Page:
“Hamilton,” Continues to move and mesmorize Broadway audiences

By Stephanie Soto

With Lin-Manuel Miranda hosting “Saturday Night Live,” he deserves a review of his record-breaking show Hamilton. 07hamilton-slide-dr5r-superjumboMiranda breathes life into a mostly forgotten Revolutionary War figure through a creative synthesis of traditional and contemporary  music and acting styles. Hooray that Hamilton has young people reading American history again. After all, Hamilton, with others, planted the foundation for contemporary U.S. society.

Nominated for 16 Tony awards, it claimed 11, one of the most award -nominated shows to date, just shy of the The Producers and Billy Elliot.   Hamilton it is a Rap/Hip Hop musical.  Treasury Secretary Alexander Hamilton, a founding father, is not your typical teen icon. Few young people recall his historical role nor significance.

Characters have distinct personalities, a notable feature of the musical. Actors play multiple roles, raising the talent bar even higher. Daveed Diggs delivers the fastest raps I’ve heard, with an accent no less. The ensemble wears mostly white costumes.

Women vocalists are superb.  Angelica, played by Renee Goldsberry is the more confident voice, until she meets her match in Hamilton.

Playing Hamilton, Lin Manuel Miranda is in most scenes demanding an exhaustingplaybill_from_the_original_broadway_production_of_hamilton performance. How can he rap for that many numbers and not forget a word?  Despite living 200 years ago, Miranda projects himself into the enigmatic Hamilton.

Several songs made the Billboard Top-Ten List, a great feat for musicals. A riveting score tells the story while simultaneously  projecting the viewer into the character’s stressed mind. Add in clever  wordplay, and we have a new form of Broadway art. Nuances such as movable props and sets moves the drama at the tense pace demanded. Stairs, a catwalk, and meticulous lighting provide the frosting on the cake.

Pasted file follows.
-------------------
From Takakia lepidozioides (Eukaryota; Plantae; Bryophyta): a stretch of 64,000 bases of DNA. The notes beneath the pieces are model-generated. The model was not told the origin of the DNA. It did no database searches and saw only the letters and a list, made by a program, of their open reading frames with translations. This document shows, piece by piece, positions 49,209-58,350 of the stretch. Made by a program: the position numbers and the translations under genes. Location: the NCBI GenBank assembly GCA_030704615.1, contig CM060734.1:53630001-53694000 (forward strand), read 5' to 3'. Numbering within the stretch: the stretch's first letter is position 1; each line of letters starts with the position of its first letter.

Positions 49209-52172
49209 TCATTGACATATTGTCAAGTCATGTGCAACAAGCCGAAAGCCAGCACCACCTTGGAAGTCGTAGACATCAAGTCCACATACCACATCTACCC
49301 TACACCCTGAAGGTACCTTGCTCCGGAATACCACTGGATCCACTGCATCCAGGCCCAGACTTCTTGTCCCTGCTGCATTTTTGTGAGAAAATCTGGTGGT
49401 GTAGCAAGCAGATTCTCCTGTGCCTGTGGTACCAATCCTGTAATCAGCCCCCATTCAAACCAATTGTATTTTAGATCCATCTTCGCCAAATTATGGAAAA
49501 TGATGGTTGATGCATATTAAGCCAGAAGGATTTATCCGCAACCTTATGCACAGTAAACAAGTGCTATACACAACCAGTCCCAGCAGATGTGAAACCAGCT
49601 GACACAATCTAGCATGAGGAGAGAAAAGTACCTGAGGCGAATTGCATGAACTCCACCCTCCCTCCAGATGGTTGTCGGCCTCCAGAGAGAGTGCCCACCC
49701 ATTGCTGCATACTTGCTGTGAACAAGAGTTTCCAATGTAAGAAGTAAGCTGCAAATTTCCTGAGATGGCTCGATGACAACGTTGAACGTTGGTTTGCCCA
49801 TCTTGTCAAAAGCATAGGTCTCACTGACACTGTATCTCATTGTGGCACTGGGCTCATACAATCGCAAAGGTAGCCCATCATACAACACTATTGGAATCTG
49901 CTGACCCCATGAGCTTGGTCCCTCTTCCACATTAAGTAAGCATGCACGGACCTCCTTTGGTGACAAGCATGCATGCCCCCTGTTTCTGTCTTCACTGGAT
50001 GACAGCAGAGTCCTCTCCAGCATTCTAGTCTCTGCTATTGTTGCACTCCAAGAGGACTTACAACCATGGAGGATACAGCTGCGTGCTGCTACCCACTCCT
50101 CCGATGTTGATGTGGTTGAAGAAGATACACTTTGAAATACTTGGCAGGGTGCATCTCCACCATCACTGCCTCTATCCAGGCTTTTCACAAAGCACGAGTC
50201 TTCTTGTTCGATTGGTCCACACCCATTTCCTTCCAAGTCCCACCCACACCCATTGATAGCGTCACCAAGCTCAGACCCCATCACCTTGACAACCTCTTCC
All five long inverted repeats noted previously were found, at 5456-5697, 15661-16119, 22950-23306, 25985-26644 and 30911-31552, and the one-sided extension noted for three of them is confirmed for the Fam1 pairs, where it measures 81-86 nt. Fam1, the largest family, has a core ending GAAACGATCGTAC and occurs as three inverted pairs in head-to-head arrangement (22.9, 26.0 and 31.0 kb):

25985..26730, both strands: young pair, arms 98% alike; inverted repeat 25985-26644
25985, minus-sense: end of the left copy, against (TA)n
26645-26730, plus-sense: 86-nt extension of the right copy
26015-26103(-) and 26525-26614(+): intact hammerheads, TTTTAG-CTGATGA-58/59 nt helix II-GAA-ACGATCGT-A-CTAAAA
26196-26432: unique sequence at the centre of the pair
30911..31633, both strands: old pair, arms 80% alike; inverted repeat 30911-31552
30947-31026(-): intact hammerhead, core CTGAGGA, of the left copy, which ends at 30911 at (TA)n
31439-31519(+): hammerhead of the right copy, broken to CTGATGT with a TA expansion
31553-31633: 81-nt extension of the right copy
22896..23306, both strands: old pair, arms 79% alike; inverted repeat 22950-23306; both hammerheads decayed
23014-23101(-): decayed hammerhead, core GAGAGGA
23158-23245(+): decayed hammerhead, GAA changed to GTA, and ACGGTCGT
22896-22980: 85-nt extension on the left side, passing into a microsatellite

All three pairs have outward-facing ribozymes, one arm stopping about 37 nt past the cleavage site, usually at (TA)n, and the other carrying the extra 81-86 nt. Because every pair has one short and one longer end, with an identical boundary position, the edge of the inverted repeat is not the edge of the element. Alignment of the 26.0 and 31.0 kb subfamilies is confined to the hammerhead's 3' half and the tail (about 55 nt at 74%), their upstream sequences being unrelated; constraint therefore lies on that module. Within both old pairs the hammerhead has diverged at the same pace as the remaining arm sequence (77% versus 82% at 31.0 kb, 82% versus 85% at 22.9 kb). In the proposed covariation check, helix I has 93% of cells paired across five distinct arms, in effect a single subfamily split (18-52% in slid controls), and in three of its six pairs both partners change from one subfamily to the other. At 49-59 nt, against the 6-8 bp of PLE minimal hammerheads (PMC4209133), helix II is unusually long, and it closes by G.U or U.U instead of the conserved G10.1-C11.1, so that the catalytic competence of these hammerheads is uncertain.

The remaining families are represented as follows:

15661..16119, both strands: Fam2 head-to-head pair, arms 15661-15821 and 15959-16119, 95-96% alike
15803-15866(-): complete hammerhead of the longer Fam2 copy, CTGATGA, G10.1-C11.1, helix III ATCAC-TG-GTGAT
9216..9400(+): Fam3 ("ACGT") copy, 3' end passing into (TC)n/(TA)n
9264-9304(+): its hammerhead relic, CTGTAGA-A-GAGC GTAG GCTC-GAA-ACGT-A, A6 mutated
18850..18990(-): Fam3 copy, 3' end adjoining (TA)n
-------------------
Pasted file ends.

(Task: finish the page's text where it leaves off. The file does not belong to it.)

Miranda’s Hamilton leaves us pondering issues of democracy equality, and economics.  See the show.  A musical with a multi-racial cast singing hip hop, while inviting us to critique our government present and past,  may not come along again soon.



“American Housewife:” Plus Size Beauty and a Big Heart

By Kayna Kemp Stout

161006-american-housewife-1American Housewife is a new sitcom with an old formula, but with a relevant commentary on body image from a plus size point of view. Mom Katie Otto, played by Katy Mixon, is a size 14 living in an upscale California community of size 2’s. She’s got three quirky kids and a seemingly supportive husband willing to indulge her crazy sounding schemes. American Housewife is a Kapital Entertainment–ABC Studios co-production set in Westport, Connecticut.

She’s the driving force of the three viewed episodes. I’ll continue to watch it on Tuesday evenings after The Middle, one of my all time faves. Similar to The Middle, the plot lines draw material from the sparring between siblings and parents engaged in the minutiae of family life. Unlike The Middle, Otto deals with her weight issues in each episode. That resonates with the 65 per cent of American women who are a plus size, but rarely represented in today’s media landscape, especially sitcoms. As with all sitcoms, success hinges on the writing. The concept is fresh and quirky enough to leave me anxious for next week’s episode.


Kudos to the high school teen daughter Taylor, middle school son Oliver, and elementary aged daughter Anna-Kat; the director coaches them to fine performances.